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Contact: Eric Leonard, 229 924-0343, ext. 201
Contact: Stephanie Steinhorst, 229 924-0343, ext. 203
ANDERSONVILLE, Georgia – Following General Sherman's decisive march to the coast, the prison population at Andersonville increased from a few hundred United States prisoners to over 5,000 men. Many of these prisoners had been held in numerous prisons across the South, and each man hoped never to see Andersonville again.That winter their worst fears were realized when they re-entered the dreaded stockade in December. At Andersonville they found a plowed stockade, and increased rules that reflected a concerted reorganization of the prison by its commander.
On January 1, 1865, Captain Henry Wirz issued a new set of rules and regulations for the prison under his control, hoping to curb escape attempts. The orders issued in January introduced two roll calls each day, and reintroduced the withholding of rations if a single prisoner was unaccounted for. Prisoners could request an audience with Wirz, but they were also reminded that no prisoner should cross the deadline, speak to a guard on post or purchase anything from the guards. To do otherwise, would risk being shot.
Join park staff and volunteers for special programs on the First Saturday of January (Saturday, January 3, 2015), to learn more about the Andersonville Prison. There is no admission fee and all programs are open to the public.
10:00 a.m. —Special Program—The Road To Andersonville: Departure
Join a park ranger on a guided walk following in the footsteps of the 45,000 United States soldiers held at Andersonville prison from 1864-1865. The tour begins at the National Prisoner of War Museum at Andersonville National Historic Site and lasts 1 hour and 30 minutes. The tour starts promptly at 10:00 a.m. Reservations are required for this program and may be obtained online at https://go.nps.gov/roadtoandersonville
11:00 a.m. —Prison Site Walk
Join longtime volunteer Jimmy Culpepper at the Wisconsin Monument to explore the history of the prison site.
1:00 p.m. —The Burying Ground: A Walk through the Andersonville National Cemetery
Join a park ranger to walk through the Andersonville National Cemetery and learn more about the process of burying the dead at the Andersonville Prison. Meet at the Georgia Monument.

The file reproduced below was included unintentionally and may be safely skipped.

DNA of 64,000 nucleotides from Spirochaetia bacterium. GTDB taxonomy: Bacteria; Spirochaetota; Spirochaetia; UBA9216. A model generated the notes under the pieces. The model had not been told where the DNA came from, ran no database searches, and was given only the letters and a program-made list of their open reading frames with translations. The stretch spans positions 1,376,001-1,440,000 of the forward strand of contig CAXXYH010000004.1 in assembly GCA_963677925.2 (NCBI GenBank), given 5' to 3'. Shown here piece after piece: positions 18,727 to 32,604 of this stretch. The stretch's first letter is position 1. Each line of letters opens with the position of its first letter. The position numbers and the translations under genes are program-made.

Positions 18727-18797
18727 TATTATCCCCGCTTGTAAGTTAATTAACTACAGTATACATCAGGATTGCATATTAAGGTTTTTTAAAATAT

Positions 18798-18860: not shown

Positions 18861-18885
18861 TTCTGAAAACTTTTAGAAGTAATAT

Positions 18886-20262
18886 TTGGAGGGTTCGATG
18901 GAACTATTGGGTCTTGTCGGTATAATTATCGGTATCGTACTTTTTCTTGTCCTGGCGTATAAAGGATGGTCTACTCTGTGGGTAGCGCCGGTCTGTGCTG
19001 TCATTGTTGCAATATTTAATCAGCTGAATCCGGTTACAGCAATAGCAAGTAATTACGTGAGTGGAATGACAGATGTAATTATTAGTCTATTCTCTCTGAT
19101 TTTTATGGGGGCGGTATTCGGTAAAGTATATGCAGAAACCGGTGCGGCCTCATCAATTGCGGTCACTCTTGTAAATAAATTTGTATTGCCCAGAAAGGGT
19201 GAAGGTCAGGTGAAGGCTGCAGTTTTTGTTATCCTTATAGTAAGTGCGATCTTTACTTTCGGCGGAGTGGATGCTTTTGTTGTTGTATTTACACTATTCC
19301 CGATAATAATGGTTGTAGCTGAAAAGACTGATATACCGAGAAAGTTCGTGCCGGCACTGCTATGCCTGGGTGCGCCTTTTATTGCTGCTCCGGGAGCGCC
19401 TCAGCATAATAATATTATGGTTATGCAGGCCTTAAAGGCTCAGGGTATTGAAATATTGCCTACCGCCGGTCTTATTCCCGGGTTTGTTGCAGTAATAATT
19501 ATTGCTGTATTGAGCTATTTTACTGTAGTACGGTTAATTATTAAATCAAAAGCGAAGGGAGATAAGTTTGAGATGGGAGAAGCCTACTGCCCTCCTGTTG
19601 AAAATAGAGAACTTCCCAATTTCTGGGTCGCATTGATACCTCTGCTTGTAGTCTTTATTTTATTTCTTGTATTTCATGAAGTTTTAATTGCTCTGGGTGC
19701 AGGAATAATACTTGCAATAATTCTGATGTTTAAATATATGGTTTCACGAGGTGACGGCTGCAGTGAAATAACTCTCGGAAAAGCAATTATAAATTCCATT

3:00 p.m. —Prison Site Talk: "Death Before Dishonor"
Captors of both sides recruited within their military prisons, looking for men desperate enough to switch their loyalties. This process became known as "galvanizing." Would you switch sides to change your life? Join a park ranger at the prison site to explore the choices prisoners made.
All programs are subject to change due to weather and other concerns.
Andersonville National Historic Site is located 10 miles south of Oglethorpe, GA and 10 miles northeast of Americus, GA on Georgia Highway 49. The national park features the National Prisoner of War Museum, Andersonville National Cemetery and the site of the historic Civil War prison, Camp Sumter. Andersonville National Historic Site is the only national park within the National Park System to serve as a memorial to all American prisoners of war. Park grounds are open from 8:00 a.m. until 5:00 p.m. The National Prisoner of War Museum is open 9:00 a.m. to 4:30 p.m., daily. Admission is free. For more information on the park, call 229 924-0343, or visit at www.nps.gov/ande/ Visit us on Facebook at www.facebook.com/AndersonvilleNPS, Twitter www.twitter.com/andeNHS
About the National Park Service. More than 20,000 National Park Service employees care for America's 401 national parks and work with communities across the nation to help preserve local history and create close-to-home recreational opportunities. Learn more at www.nps.gov.